Dear Edgeboro Friends & Family,
The first day of autumn this year was September 22 and the days seem to be going by faster than the leaves are changing colors. By the time you read this, it will already be Thanksgiving season. (Commercials may be telling you it’s Christmas season already, but I’m taking this one season at a time.)
Thanksgiving is a time where many people gather around a table with others. About 47 million Americans will travel for Thanksgiving this year to be around tables with friends and family. During this time, tables are special places. Interestingly enough, tables are special places in scripture as well. Just think of all the tables Jesus and the disciples sat around and all the holy moments and meals that occurred around them. One table that I would like to highlight now for Thanksgiving is the table mentioned in Psalm 23:5 – the one that the Lord prepares.
Many of us have heard these words before. Psalm 23, attributed to King David, speaks of opportunities to rest by still waters and green pastures and is filled with gratitude for God’s loving presence and shepherd-like care. David definitely seems to have blessings to be thankful for when he sits at the table the Lord prepares for him. Yet blessings are not the only thing that David is counting while at this table.
David has been through a lot, and while he can count blessings on one hand, he could count sorrows on one another. Here is a man that just before this said that he had been through the “valley of the shadow of death” (Ps. 23:4). Here is a man who is also attributed to writing the psalm placed right before Psalm 23. Psalm 22 starts out with “My God, my God, why have you forsaken me? Why are you so far from helping me?” and continues to express his deep pain. Here is a man whose enemies (people or things that cause him harm) are still present at the Lord’s table with him (Ps. 23:5)!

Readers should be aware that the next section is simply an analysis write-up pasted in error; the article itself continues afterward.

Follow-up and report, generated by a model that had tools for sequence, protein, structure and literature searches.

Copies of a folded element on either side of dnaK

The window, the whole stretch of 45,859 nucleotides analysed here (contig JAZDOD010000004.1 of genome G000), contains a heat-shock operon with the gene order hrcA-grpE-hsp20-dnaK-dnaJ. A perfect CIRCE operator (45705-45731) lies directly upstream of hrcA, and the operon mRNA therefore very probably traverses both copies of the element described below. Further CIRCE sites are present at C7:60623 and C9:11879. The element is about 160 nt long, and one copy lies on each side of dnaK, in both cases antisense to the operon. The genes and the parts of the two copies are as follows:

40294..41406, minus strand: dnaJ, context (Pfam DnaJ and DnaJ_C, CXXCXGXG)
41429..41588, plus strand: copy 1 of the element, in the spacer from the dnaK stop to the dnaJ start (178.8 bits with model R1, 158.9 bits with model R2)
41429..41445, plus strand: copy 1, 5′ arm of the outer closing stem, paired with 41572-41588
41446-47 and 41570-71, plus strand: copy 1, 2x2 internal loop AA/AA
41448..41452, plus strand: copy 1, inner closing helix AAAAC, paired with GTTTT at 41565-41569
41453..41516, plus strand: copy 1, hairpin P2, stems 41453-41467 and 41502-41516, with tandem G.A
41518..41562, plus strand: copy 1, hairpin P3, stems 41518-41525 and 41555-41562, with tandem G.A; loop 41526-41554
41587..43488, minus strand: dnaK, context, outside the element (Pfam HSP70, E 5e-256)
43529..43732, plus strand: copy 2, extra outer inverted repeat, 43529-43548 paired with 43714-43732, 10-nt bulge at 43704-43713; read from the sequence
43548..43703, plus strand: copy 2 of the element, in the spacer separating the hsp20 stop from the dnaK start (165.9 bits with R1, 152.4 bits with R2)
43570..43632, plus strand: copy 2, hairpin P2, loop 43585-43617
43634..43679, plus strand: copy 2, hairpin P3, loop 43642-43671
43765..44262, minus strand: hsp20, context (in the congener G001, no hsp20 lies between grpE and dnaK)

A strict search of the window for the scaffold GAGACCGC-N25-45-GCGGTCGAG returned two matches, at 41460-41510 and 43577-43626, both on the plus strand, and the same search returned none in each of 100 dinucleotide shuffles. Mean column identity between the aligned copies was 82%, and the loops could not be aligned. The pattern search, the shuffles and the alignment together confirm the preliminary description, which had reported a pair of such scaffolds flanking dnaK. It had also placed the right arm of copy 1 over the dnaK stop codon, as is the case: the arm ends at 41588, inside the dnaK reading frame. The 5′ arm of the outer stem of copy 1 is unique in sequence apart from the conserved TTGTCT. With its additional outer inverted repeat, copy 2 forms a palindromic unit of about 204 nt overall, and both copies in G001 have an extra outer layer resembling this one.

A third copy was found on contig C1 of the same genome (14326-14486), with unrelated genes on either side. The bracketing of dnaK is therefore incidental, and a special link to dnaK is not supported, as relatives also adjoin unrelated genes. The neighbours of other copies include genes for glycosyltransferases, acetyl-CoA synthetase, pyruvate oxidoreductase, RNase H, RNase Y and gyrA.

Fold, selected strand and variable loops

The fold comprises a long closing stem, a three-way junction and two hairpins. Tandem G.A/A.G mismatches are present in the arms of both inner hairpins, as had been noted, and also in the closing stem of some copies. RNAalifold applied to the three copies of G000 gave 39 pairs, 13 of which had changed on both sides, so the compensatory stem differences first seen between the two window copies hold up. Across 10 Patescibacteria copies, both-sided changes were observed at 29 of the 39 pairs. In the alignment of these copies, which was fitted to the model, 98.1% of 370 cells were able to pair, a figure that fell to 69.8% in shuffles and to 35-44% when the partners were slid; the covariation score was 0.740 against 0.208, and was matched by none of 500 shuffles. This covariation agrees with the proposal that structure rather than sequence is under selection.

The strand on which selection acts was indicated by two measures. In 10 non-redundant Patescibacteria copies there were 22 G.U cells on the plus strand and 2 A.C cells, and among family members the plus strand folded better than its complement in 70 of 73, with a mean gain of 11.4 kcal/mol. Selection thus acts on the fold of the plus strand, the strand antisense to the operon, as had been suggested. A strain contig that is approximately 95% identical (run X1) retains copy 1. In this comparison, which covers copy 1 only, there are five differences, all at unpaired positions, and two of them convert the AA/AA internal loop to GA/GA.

David is sitting at the Lord’s table as someone who can count his blessings and his sorrows, and yet he promises to dwell with God (Ps. 23:6) for the rest of his life – and not because God made his enemies and sorrows disappear. It is because he knows that at the Lord’s table, “surely goodness and mercy shall follow [him] all the days of [his] life” (Ps. 23:6) We lose the awesomeness of that statement when we translate it from Hebrew. According to scholars, it more closely says, “only goodness and mercy shall pursue me all the days of my life.” See the difference? David’s hope of being caught by God’s goodness and mercy overwhelms his fear of being followed by the things that harm him.
We often hear that Thanksgiving is a time to count our blessings – and it absolutely is. Many of us have many blessings that we could count. But for many, Thanksgiving and the holiday season can also be a very difficult time because in addition to bringing our blessings to our Thanksgiving tables, we also bring our sorrows. These sorrows do not simply go away because the holiday season tells us to be happy and “count our blessings.”
If David can teach us anything with these psalms, it’s that we are invited to the Lord’s table carrying both blessings and sorrows and still invited by God to eat, drink, rest, and be revitalized, and that we are relentlessly pursued by God’s love, goodness, and mercy. Sisters and brothers, may we remember this during the holidays and may our own tables we gather around resemble the Lord’s table in Psalm 23.
May our holiday season be blessed.